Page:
During June, 2008, Ramirez was hired for a position at Millard through a temporary employment agency. (Def. L.R. 56.1 ¶ 9; Pl. L.R. 56.1 ¶ 16.) As a temporary employee, Ramirez worked as a "picker," a position which entailed using an electric pallet jack or forklift to fulfill orders of refrigerated or frozen products to be shipped. (Def. L.R. 56.1 ¶ 9.) On his June 2008 employment application, Ramirez indicated that he would be "able to consistently and reliably perform the essential functions of the job with or without reasonable accommodation." (Id. ¶ 11.) The application did not ask about any prior work-related injury. (Id.)

Temporary employees who performed satisfactorily were eligible for regular employment with Millard. (Def. L.R. 56.1 ¶ 10.) Applicants were required to fill out a Personal and Confidential Conditional Job Offer & Medical Review Form ("Conditional Job Offer Form"). (Id.) Ramirez had received good reviews as a temporary employee (Pl. L.R. 56.1 ¶¶ 17--18), so he applied for a regular position.

In his Conditional Job Offer Form, Ramirez disclosed that while working for Home Depot he had suffered an on-the-job injury to his knee which required three months off work and that he had filed a WC claim in connection with that injury. (Def. L.R. 56.1 ¶ 14, Exhibit ("Ex.") F.) Ramirez further provided on his application that he had no (0 percent) permanent disability resulting from the October 2007 injury. (Id.) On July 28, 2008, Millard hired Ramirez as a regular employee. (Id. ¶ 12.) Ramirez was then reassigned to a new position operating a forklift. (Pl. L.R. 56.1 ¶ 21.)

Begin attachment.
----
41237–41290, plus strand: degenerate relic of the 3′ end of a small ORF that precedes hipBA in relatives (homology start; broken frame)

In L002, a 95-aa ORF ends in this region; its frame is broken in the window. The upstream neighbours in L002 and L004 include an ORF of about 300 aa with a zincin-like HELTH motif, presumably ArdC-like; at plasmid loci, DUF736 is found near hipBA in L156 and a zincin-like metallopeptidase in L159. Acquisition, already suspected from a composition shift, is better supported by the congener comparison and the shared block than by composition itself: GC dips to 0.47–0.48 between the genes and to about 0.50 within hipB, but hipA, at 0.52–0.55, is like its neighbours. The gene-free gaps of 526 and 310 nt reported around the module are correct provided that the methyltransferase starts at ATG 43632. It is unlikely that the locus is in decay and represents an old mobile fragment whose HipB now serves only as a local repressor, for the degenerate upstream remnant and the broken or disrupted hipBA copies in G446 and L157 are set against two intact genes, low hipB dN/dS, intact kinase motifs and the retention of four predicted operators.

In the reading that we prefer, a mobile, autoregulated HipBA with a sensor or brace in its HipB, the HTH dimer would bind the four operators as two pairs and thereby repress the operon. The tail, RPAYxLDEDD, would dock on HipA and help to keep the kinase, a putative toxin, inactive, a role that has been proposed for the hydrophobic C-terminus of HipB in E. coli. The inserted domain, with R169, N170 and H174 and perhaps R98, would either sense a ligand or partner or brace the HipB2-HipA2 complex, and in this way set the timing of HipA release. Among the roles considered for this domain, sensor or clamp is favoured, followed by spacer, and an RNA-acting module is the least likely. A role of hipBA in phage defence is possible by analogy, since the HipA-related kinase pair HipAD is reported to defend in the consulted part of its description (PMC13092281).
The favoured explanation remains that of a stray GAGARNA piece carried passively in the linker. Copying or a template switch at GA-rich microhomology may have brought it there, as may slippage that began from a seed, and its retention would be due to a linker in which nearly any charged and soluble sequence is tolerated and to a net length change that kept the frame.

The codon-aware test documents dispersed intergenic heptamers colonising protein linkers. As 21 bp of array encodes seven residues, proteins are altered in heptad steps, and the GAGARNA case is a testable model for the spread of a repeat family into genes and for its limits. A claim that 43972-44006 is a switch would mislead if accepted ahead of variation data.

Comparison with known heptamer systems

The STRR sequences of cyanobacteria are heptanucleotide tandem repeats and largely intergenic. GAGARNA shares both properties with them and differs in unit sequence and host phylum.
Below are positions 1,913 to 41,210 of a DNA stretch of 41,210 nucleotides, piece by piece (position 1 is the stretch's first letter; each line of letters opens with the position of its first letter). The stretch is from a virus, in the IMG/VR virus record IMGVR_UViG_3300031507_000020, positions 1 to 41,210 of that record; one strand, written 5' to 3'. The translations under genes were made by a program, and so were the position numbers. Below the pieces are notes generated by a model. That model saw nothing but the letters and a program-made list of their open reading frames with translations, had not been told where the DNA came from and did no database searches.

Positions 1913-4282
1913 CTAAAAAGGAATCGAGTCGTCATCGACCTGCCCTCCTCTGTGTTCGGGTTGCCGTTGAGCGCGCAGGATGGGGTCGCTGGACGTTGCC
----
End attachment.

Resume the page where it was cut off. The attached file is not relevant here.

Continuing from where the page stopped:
Ramirez, like other new hires, was subject to a 90 day probationary period. (Def. L.R. 56.1 ¶ 12.) The purpose of the probationary period was to allow the employee time to adjust to his or her new position while providing the supervisor an opportunity to assess the employee's suitability to the position and to verify information provided on the Conditional Job Offer Form. (Id. ¶¶ 14, 28.) Moreover, Millard employed a labor management system ("LMS") to track its warehouse employees' productivity and performance, which it would then measure against its own performance standards. (Id. ¶ 26.) Millard advised Ramirez that it expected his productivity to be between 95 and 98 percent. (Id. ¶ 27.) Millard expected a performance level of 100 percent for its employees. (Id.) Probationary employees at Millard were held to a higher standard of conduct. (Id. ¶ 28.) Ramirez was told that his performance and LMS numbers were great. (Pl. L.R. 56.1 ¶ 21.)

Ramirez's Conditional Job Offer Form was sent to Millard's headquarters in Omaha, Nebraska. (Pl. L.R. 56.1 ¶ 22.) Rachel O'Dell, a Claims Risk Management Specialist for Millard at headquarters, reviewed Ramirez's Conditional Job Offer Form. (Def. L.R. 56.1 ¶¶ 18--19.) O'Dell recognized that missing three months of work as the result of a knee injury indicated that the injured worker had undergone surgery and that, in Illinois, an injury requiring surgery would not yield a zero percent impairment rating as Ramirez had indicated on his Conditional Job Offer Form. (Id. ¶ 20.)